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EDITIONS
Monday, 24 June, 2002, 21:35 GMT 22:35 UK
Dow bounces after world markets slide
A trader in Frankfurt having a tough day
Steep falls are becoming a wearily familiar sight
Shares in New York have rebounded after slumping to levels last seen shortly after terrorists flattened the World Trade Center on 11 September.

Traders hit the New York bourse to buy up selected tech stocks at rock-bottom prices after weeks of market collapse, buoyed by rumours of good upcoming figures from software giant Microsoft.

But earlier in the day, investors in London, Frankfurt, Paris and New York had reacted badly to separate but simultaneous bad news from both sides of the Atlantic.

The horrific attacks on New York and on the Pentagon in Washington DC triggered a worldwide selloff, before a bouncebank which began in November last year.

Dire corporate results and weak economic data since then now makes earlier hopes of a rapid, solid US recovery look like false optimism.

Monday's falls:
London, FTSE 100:
4,541.9
-63.4 (1.38%)
Paris, Cac-40:
3,669.24
-130.29 (3.43%)
Frankfurt, Dax:
4,127.21
-105.19 (2.49%)
New York, DJIA:
9,281.82
+28.03 (0.30%)
Nasdaq composite:
1,460.34
+19.38 (1.35%)
S&P 500:
992.72
+3.58 (0.36%)
Overshadowing it all was the relentless slide in the value of the dollar, now almost at parity with the euro, and the deepening worries about the fragility of the US recovery.

The dive pushed the New York-based Nasdaq index, the bellwether of the technology sector, as low as 1,414.69 in noon trading, lower even than the 21 September nadir of 1,423.19.

Battered bourse

New York's modest recovery also helped by a speech on the Middle East by US President George W Bush, encouraging traders for whom the spiralling violence there has added to insecurities born of the so-called "war on terror".

But few believed that the bounce was anything but a kneejerk reaction to the cheapness of key stocks.

The trend, dealers said, is still downwards.

The morning's European selloff was in full swing by the time New York's 1330 GMT opening simply accelerated the trend.

Investment bank Goldman Sachs was in the midst of the falls, warning its clients that tech stalwart IBM is likely to underperform both this year and next.

That hit hardware makers, while telecoms stocks suffered on bad news from their transatlantic rivals.

Phone companies were also hit by further signs that bankrupt carrier Global Crossing may have tried to evade a federal investigation.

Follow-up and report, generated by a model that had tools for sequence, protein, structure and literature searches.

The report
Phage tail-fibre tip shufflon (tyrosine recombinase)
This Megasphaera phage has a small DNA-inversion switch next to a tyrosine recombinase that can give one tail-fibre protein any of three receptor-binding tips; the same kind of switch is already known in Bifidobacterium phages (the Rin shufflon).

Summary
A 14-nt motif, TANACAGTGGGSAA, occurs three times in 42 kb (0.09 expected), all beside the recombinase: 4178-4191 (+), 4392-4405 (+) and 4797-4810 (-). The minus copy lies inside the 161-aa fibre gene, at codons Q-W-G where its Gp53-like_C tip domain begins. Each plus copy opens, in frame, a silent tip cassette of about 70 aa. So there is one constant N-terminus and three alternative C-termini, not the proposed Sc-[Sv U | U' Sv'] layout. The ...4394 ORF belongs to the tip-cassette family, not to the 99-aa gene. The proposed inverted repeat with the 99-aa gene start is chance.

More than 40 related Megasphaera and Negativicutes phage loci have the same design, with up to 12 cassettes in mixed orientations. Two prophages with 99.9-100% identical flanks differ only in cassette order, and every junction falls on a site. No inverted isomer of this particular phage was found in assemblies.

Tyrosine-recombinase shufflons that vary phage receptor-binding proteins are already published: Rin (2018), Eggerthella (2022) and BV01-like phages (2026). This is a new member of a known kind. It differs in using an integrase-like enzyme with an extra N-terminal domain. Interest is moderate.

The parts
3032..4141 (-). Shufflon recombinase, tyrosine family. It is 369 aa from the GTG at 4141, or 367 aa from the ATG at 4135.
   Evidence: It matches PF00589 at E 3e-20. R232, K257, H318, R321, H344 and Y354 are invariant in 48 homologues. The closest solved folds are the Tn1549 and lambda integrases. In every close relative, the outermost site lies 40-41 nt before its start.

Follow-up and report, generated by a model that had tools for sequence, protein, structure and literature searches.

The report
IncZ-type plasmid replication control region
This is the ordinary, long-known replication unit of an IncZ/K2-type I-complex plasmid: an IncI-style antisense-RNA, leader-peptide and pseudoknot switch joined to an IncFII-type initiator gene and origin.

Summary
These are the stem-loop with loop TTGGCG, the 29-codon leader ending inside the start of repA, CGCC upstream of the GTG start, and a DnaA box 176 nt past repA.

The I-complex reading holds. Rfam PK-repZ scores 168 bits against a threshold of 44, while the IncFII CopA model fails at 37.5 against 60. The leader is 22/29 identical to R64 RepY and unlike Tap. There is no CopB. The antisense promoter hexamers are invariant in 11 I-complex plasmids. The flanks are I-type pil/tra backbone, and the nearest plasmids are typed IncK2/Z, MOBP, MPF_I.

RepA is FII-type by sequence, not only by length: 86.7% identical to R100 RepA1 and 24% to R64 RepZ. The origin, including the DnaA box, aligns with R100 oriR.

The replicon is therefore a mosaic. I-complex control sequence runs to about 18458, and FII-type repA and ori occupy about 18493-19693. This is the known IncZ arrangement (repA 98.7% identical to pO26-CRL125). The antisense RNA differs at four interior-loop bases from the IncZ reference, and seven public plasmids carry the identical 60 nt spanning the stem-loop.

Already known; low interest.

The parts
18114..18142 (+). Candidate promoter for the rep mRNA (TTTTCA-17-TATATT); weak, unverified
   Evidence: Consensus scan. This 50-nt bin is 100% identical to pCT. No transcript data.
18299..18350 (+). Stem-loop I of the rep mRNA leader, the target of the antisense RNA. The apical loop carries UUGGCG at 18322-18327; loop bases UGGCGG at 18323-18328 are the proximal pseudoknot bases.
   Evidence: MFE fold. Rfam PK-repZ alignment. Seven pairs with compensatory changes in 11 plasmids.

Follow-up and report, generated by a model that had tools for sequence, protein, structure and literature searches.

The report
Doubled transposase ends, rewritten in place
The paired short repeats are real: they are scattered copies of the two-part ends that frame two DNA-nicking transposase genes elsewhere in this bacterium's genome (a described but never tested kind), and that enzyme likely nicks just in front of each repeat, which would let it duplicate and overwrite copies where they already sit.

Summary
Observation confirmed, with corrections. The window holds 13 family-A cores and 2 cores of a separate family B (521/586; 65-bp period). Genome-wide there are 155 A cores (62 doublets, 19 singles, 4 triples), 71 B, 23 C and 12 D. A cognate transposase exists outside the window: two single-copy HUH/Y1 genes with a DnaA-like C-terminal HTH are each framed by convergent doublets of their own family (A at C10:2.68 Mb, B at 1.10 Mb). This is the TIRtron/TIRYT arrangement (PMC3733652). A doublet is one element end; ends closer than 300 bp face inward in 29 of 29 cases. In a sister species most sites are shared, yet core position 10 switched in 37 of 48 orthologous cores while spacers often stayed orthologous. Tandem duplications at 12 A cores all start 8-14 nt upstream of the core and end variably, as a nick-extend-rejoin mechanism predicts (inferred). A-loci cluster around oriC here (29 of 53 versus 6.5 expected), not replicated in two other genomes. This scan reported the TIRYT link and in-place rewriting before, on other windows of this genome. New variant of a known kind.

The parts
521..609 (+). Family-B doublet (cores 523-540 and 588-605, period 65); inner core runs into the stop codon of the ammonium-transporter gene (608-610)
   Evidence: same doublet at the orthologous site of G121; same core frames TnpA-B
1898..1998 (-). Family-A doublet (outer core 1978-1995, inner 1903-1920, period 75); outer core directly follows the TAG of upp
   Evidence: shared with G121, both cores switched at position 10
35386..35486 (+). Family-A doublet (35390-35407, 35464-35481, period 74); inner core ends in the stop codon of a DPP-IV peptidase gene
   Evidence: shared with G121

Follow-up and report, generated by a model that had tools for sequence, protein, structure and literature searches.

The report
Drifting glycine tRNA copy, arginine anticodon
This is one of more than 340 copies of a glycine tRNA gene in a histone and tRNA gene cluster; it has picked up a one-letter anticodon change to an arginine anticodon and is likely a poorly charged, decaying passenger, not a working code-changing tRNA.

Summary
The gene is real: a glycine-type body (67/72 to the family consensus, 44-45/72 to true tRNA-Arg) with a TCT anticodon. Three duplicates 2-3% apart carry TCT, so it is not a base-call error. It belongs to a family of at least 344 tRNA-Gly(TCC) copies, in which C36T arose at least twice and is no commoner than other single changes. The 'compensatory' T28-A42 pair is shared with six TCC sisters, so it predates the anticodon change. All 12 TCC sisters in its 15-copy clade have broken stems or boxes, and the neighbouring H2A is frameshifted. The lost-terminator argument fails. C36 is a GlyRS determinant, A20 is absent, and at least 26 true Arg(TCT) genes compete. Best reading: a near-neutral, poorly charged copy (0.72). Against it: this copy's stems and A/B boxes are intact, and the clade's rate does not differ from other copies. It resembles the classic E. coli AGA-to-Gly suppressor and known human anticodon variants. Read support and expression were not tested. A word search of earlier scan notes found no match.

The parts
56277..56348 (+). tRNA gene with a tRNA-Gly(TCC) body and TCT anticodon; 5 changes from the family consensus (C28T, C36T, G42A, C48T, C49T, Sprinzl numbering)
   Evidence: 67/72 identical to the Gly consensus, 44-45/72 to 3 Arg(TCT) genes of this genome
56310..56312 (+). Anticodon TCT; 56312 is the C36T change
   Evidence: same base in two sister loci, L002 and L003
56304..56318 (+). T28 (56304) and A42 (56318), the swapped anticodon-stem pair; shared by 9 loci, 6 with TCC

Meanwhile, WorldCom edged closer to the abyss as its shares fell below $1 after Salomon Smith Barney cut estimates.

Allegations of further illicit activity at investment banks - staff suspended at Merrill Lynch and a lawsuit by aggrieved insurers directed at JP Morgan's work for Enron - poisoned the chalice still further.

Battered bourse

Earlier, Europe had produced enough indications of its own that companies are having a hard time recovering from last year's downturn.

The tone was set in Europe as Germany's Dax and France's Cac-40 both registered triple digit falls.

In Frankfurt, a rejig of German shares based on the value of shares only freely tradeable in the market punished giants like Deutsche Telekom, still majority-owned by the government.

Emergency refinancing talks between power technology group Babcock Borsig and its banks pushed financial stocks sharply lower, while insurers suffered amid the general despondency.

In France, traders were alarmed by reports of a cash shortage at media giant Vivendi.

The company's shares fell more than 10% after it sold off part of its utility arm, Vivendi Environnement - just days after parking another slice with Deutsche Bank in a so-called share repurchase deal.

Techs under suspicion

France Telecom and its mobile unit, Orange came into the firing line too, after Moody's credit rating agency said their debt was little better than junk status.

In the UK, the falls were less stark, but nonetheless the mood was grim thanks in part to a deeply pessimistic analysis of the media market from advertising group WPP.

But the tech sector came in for a battering in London as well as elsewhere, with mobile group Vodafone touching four-and-a-half year lows and competitor MMO2 sliding after a negative report from Goldman Sachs.

 WATCH/LISTEN
 ON THIS STORY
Christopher Lowe, First Tennessee Securities
"For the first time in quite a few weeks we have seen some considerable amount of buying"
View market data
Launch marketwatch
The Markets: 9:29 UK
FTSE 100 5760.40 -151.7
Dow Jones 11380.99 -119.7
Nasdaq 2243.78 -28.9
FTSE delayed by 15 mins, Dow and Nasdaq by 20 mins
See also:

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09 Jun 02 | Business
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